The MVP approach focuses on building what is needed to create enough value in the eyes of your target customer to validate that you are heading in the right direction. It helps you to gain valuable feedback from customers regarding your products functionality or lack thereof. This way you can iterate your MVP until you have a viable product without breaking the bank.
MVP prototypes are purely working versions of your product that you can use to validate your product before you build a full feature product.
So Annie decides to build the $ave app with the following key features:
- A clean User Interface
- Link the app with user bank accounts
- Set monthly and weekly financial goals
- Notifications after each transaction and its impact on their goals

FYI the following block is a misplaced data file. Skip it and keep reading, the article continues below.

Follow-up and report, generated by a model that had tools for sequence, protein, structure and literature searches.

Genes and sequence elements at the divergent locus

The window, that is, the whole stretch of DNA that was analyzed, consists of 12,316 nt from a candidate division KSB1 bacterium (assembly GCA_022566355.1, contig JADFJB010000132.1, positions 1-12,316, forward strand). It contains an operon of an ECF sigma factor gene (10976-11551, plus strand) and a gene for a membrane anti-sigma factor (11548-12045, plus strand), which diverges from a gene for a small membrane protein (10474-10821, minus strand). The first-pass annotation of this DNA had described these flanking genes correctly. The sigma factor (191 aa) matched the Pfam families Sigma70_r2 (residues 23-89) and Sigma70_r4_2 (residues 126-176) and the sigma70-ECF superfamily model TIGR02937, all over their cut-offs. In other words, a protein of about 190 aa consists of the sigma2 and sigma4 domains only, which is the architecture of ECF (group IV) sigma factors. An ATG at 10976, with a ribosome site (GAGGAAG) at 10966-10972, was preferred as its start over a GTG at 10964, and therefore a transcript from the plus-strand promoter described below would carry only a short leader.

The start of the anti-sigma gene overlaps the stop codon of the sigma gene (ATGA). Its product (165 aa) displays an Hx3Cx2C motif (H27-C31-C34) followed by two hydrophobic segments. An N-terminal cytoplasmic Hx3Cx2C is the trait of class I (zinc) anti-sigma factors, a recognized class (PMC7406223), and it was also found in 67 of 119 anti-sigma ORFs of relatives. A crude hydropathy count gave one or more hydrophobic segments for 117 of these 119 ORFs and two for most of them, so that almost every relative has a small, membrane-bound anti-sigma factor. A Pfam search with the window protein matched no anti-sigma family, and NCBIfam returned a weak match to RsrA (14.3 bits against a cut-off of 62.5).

Let's jump in and find out whether people find the app useful.
5. Test Your MVP
Now it's time to test the water with your MVP and collect valuable feedback. The one crucial thing you have to be careful about is gaining feedback from the wrong people. You don't want it from people who don't even remotely represent your target market and start modifying your product based on their inputs. Then you might end up losing the very people you are trying to target.
Once you nailed down a large enough circle of your target customers, its time to test your prototype.
Annie built a list of her target customers which includes entrepreneurs, recent college graduates and startup owners. She provides each of them with the MVP prototype and asks them to try it out for a month.
Next step, feedback.